At the Center of the Election Maelstrom

By Ann E. Marimow
Washington Post Staff Writer
Friday, September 22, 2006

In front of 10 television cameras in the elegant State House reception room, the tough-minded lawyer who controls Maryland's election apparatus and the governor who has tried to have her fired engaged in a civilized exchange about how to ensure that last week's mistakes are not repeated.

But even after the cameras were shut off, the spotlight remained on elections Administrator Linda H. Lamone.

An aide to Gov. Robert L. Ehrlich Jr. (R) circulated an excerpt of Lamone's comments from a legislative hearing in Virginia. Aides to a Republican state senator handed reporters DVDs of the testimony in which Lamone says: "In Maryland, the authority to run elections is centralized. I am the boss. The buck stops with me. I'm the one who gets in trouble when anything happens."

Lamone has long been a controversial figure in the debate over how Maryland voters should cast ballots. As a fierce defender of the electronic voting machines she helped usher into every precinct in the state, Lamone has drawn fire from activists who want to return to paper ballots. And as a holdover from a Democratic administration, she has angered Republicans who want control of the state's elections in a year with competitive contests for U.S. Senate and governor.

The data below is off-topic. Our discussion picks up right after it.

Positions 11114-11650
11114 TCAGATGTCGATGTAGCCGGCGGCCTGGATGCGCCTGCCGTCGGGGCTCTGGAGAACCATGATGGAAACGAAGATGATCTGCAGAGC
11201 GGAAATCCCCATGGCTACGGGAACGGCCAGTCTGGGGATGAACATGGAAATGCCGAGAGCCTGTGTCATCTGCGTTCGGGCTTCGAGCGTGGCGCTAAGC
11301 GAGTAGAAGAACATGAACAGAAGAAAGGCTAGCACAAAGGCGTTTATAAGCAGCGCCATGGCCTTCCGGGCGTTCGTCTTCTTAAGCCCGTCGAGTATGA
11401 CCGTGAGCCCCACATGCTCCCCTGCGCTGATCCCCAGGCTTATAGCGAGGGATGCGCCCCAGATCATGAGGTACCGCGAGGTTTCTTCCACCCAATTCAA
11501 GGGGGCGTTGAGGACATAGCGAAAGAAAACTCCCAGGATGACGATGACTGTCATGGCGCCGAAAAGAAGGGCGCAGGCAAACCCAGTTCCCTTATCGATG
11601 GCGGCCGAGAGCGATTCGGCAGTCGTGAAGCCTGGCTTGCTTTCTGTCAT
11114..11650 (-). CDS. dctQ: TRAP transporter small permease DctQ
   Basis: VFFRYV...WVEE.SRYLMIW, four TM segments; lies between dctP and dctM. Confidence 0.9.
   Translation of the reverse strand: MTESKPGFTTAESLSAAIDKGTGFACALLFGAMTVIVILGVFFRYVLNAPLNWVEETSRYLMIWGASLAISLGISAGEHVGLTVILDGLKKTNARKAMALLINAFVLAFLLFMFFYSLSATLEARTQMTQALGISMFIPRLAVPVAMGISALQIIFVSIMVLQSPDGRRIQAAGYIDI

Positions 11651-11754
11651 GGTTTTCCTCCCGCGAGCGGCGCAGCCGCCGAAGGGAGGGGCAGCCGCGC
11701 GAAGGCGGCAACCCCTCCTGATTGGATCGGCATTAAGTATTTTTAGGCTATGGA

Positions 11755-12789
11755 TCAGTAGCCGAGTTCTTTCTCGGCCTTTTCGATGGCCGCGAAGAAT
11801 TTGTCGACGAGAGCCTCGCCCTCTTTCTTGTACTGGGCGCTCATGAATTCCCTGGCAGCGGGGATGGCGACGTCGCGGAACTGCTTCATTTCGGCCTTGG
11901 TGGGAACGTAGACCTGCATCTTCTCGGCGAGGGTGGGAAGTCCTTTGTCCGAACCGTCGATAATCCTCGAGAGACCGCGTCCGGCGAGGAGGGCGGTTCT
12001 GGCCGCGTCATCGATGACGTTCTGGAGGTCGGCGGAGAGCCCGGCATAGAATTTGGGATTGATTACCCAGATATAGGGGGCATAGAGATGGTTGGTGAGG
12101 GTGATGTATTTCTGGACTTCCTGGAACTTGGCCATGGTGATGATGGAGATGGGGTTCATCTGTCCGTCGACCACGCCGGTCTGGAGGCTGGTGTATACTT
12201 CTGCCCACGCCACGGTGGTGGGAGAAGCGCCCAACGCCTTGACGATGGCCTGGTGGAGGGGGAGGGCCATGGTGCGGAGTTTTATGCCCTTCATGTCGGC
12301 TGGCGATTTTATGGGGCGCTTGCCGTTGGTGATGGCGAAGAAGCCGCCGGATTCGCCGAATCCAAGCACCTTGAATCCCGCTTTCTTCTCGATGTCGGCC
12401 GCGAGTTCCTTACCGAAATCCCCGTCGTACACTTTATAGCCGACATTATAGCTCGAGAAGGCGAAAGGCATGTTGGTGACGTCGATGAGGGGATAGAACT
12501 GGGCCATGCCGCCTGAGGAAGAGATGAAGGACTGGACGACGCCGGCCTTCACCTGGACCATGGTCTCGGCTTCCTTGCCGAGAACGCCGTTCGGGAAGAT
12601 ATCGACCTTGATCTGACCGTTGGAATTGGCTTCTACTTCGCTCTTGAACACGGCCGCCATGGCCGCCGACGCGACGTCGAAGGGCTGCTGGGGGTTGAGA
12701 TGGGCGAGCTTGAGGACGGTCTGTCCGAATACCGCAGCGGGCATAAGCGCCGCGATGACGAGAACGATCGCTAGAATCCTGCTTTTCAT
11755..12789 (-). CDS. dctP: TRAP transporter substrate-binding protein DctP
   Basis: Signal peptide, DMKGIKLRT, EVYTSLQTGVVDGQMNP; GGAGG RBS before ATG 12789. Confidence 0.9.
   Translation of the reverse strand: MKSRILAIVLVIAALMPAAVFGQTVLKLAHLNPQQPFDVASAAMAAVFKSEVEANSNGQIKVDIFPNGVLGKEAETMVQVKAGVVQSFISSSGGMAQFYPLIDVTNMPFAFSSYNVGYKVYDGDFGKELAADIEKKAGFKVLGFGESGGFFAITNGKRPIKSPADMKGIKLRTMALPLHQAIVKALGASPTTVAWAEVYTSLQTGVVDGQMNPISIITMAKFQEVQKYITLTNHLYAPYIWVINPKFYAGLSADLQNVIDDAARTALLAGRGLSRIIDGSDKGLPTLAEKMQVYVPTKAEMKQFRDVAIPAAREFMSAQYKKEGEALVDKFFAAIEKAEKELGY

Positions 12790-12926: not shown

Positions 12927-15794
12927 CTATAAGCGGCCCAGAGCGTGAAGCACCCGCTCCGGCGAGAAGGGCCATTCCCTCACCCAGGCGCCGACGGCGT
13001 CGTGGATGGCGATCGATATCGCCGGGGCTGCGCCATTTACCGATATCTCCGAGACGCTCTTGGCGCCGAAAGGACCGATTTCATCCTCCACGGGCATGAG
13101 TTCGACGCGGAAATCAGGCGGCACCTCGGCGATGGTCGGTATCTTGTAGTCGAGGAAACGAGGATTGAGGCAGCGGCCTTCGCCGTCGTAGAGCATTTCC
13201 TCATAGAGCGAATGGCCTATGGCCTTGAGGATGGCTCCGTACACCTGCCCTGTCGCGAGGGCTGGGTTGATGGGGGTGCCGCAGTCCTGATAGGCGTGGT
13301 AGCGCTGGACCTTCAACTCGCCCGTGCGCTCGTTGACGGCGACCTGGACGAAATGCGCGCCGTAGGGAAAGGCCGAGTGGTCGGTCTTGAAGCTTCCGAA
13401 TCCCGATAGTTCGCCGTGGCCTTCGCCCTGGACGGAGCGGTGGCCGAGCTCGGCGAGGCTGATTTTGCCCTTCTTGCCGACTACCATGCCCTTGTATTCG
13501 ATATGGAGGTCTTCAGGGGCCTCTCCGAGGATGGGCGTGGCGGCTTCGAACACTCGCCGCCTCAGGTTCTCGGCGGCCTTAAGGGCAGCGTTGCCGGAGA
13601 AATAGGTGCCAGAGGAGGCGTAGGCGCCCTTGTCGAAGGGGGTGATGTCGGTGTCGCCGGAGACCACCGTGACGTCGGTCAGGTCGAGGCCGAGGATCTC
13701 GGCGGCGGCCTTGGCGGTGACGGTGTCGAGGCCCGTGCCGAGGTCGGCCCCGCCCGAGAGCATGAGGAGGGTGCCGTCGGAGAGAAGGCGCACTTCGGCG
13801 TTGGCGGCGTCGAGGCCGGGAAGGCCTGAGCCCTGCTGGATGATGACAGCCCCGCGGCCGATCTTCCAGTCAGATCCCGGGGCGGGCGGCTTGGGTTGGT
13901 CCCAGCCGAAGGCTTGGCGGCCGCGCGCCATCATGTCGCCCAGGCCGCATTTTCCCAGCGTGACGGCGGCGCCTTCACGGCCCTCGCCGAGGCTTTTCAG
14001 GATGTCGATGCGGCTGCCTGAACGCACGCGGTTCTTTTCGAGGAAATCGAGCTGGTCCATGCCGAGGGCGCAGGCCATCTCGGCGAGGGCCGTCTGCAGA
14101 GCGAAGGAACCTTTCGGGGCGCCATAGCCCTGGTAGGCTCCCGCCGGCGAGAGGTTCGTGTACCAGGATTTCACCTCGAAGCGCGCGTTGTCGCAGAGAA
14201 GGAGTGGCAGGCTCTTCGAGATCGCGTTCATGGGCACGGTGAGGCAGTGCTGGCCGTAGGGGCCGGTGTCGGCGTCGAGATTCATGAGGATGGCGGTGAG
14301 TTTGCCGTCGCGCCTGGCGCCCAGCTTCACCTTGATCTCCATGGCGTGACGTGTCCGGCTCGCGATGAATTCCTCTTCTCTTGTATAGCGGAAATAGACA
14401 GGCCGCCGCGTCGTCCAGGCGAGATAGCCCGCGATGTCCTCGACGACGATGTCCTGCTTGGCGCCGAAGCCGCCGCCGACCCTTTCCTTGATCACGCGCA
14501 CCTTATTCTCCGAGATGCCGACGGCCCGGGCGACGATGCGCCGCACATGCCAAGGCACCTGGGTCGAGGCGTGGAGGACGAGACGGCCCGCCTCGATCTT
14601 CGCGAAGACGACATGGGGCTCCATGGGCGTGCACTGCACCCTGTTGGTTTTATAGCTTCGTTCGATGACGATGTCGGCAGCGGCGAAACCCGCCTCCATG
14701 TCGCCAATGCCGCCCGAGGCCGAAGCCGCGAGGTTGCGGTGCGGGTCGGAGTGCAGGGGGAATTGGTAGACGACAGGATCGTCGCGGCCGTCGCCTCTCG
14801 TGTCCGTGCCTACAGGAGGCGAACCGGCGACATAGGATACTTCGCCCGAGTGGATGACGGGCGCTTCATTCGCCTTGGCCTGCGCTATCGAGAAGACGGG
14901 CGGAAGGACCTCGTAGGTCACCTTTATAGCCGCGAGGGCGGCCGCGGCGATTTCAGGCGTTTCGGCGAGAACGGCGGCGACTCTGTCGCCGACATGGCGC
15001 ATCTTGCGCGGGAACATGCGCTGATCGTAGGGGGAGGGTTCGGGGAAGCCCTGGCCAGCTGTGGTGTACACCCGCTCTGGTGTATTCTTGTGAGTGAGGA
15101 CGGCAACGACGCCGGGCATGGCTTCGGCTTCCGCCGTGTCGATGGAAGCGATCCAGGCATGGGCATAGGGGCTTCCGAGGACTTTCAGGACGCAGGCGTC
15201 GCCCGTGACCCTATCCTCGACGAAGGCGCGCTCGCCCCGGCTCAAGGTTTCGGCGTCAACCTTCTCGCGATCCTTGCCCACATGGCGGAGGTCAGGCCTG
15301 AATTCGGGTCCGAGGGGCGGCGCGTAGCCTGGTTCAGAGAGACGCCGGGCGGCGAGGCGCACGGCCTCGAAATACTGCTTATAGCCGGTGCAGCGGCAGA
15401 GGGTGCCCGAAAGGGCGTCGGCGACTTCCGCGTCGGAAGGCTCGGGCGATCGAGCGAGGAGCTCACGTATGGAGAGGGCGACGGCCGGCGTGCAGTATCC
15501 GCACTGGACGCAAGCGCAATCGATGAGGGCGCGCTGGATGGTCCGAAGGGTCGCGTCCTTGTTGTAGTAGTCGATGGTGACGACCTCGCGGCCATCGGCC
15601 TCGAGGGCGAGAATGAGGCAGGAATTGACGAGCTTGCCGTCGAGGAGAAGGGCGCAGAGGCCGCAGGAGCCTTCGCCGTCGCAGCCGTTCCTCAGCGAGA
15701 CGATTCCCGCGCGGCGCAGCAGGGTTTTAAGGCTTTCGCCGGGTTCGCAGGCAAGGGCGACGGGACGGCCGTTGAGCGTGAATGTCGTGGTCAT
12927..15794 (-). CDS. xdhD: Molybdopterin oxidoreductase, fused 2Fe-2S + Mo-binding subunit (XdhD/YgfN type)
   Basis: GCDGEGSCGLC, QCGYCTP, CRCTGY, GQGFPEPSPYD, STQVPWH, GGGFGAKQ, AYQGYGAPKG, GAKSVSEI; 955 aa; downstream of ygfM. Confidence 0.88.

"It's difficult to have potshots taken at you all the time," Lamone said yesterday. But, she added, "I always like a challenge."

She said she seeks solace from a loyal cadre of aides who have been with her in the trenches; her husband, a former dean of the University of Maryland's business school; and her two cats.

That the 64-year-old lawyer has held on doesn't surprise one of her first bosses in the attorney general's legislative office in Annapolis.

"Linda is fairly headstrong; she's no shrinking violet -- and I mean that in a positive way," said Baltimore lawyer George Nilson, a former deputy attorney general who overlapped with Lamone in the 1970s. "She's been appropriately persistent and appropriately tough in dealing with the things swirling around."

"She believes the job shouldn't be subject to political changes, and my belief is she has stayed put in part to make that point," Nilson added.

To Lamone's critics, the steadfastness she's shown in defending the Diebold Election Systems machines has become a weakness. Since 2002, the state has committed to paying $106 million for the electronic voting systems.

"Her intransigence is what causes her some of her biggest challenges," said former delegate Cheryl C. Kagan (D-Montgomery), an advocate of a paper-based system who was one of the first lawmakers to raise questions about the security of the electronic machines. "She can never admit an error, and she doesn't show a willingness to be open-minded, to change for any reason, despite all evidence pointing to the need for changes and improvements."

Kagan and Kevin Zeese, another advocate of paper ballots and an independent candidate for the U.S. Senate, have called for Lamone's resignation. "She should resign, as her performance has been outrageous," Zeese said yesterday.

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